5 Things We Used To Call Fashion

img-thingIf you’ve ever been curious just how much society is willing to sacrifice in the name of fashion, visit the Bard Graduate Center’s exhibition “Fashioning the Body: An Intimate History of the Silhouette,” opening this Friday. Corsets, panniers, and bustles take center stage at this show, which chronicles the ever-evolving silhouette ideal and the lengths we’ll go to achieve it. Listed below are just five of the outdated sources of high-class fashion.
           1. Children’s bodies were perceived as soft and malleable. To deter a potential deformity, children were encased in juvenile versions of their mother’s stays and corsets.
           2. During the second half of the eighteenth-century, men lacking muscular legs were afforded the opportunity to pad their socks as calf-baring breeches increased in popularity.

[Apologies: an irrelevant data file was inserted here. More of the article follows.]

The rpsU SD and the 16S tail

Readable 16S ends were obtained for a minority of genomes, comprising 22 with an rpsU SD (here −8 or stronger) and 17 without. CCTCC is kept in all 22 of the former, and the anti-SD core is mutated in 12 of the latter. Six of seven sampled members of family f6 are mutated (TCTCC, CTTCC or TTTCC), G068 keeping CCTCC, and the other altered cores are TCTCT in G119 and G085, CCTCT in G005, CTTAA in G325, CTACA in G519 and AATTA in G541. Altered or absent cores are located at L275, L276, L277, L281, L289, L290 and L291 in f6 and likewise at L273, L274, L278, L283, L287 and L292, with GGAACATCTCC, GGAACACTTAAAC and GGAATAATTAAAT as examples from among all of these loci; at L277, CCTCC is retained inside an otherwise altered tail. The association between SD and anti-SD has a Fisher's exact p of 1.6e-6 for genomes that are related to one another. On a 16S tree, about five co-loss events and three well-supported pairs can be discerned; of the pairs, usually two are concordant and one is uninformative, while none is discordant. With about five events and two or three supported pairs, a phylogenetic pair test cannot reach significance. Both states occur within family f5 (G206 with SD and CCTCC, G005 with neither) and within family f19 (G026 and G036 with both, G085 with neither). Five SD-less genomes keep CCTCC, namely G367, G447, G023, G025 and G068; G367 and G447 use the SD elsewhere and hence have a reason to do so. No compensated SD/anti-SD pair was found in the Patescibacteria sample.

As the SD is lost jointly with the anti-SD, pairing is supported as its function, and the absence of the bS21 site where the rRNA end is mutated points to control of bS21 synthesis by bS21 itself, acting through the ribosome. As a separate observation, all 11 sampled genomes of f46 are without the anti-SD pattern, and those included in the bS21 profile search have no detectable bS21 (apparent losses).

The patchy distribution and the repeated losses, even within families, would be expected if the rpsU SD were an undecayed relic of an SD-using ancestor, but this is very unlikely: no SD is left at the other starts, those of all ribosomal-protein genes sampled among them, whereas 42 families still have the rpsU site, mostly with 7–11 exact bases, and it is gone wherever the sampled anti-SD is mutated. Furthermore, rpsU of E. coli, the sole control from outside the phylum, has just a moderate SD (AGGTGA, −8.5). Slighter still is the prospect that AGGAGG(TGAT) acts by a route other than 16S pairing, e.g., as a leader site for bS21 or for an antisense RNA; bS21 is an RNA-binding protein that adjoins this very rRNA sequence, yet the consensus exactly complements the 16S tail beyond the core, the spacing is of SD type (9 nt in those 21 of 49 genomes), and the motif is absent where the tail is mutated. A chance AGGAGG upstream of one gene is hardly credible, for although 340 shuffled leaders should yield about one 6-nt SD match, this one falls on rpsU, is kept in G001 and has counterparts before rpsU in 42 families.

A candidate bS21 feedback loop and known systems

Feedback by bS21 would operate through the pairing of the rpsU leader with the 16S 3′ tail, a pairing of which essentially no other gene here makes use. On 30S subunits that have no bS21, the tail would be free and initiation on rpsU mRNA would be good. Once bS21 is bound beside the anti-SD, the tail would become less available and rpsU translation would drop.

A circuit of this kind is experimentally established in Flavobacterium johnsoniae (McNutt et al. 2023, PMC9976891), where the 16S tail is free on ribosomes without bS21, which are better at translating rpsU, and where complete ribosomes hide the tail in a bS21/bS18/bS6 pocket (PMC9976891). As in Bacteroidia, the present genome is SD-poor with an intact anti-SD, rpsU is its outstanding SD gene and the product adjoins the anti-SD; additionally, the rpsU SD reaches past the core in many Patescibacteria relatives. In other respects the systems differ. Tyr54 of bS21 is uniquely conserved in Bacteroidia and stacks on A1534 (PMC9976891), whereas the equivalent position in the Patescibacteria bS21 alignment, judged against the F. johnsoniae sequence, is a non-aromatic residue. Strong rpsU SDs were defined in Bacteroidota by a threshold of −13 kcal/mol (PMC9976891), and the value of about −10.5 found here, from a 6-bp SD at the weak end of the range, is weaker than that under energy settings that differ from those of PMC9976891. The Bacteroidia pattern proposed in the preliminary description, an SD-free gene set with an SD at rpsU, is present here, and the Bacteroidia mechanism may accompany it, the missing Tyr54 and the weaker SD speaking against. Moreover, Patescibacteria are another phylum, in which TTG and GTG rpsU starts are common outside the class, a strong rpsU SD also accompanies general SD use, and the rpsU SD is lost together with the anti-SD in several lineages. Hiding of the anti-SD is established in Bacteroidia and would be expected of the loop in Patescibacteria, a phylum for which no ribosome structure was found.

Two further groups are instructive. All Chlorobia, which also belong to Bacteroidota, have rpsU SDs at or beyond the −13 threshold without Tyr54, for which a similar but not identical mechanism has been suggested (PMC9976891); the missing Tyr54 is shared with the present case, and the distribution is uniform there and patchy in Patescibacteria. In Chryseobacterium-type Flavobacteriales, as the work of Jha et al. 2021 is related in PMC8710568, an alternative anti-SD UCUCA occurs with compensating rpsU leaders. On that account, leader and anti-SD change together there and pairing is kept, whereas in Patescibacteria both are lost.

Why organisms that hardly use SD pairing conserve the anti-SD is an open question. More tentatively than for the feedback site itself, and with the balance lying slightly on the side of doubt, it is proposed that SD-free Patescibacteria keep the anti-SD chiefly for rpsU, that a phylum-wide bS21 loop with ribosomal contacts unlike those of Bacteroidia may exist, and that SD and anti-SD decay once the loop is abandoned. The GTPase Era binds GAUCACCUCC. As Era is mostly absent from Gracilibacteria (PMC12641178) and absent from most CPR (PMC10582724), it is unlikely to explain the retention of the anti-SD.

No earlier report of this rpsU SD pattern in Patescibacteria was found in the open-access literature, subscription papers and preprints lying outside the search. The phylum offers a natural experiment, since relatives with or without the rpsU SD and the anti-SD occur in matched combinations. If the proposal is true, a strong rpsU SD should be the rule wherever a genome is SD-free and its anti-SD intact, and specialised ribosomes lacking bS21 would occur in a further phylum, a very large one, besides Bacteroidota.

3. Two pockets were thoughtfully accommodated in eighteenth-century double pannier, worn to achieve an arm span-wide fullness of the skirt.
          4. An eighteenth-century nursing mother did not need to take off her stay to breastfeed, as clever flaps allowed ease of access for her newborn.
           5.At the height of the bustle-craze in the nineteenth-century, a shorter version of the bustle was introduced for added bulk at the backside, known as faux-culs or “fake buttocks.”
So in retrospect, from all of us at Bel Air Jewelry, we invite you to embrace your own inner beauty. Like a magnificent gemstone that can’t be duplicated, yours is a precious rare gift, that doesn’t need to be trimmed or stuffed into society. Be your own beautiful you today, and let your light shine!
Advertisements

Leave a Reply

Fill in your details below or click an icon to log in:

WordPress.com Logo

You are commenting using your WordPress.com account. Log Out / Change )

Twitter picture

You are commenting using your Twitter account. Log Out / Change )

Facebook photo

You are commenting using your Facebook account. Log Out / Change )

Google+ photo

You are commenting using your Google+ account. Log Out / Change )

Connecting to %s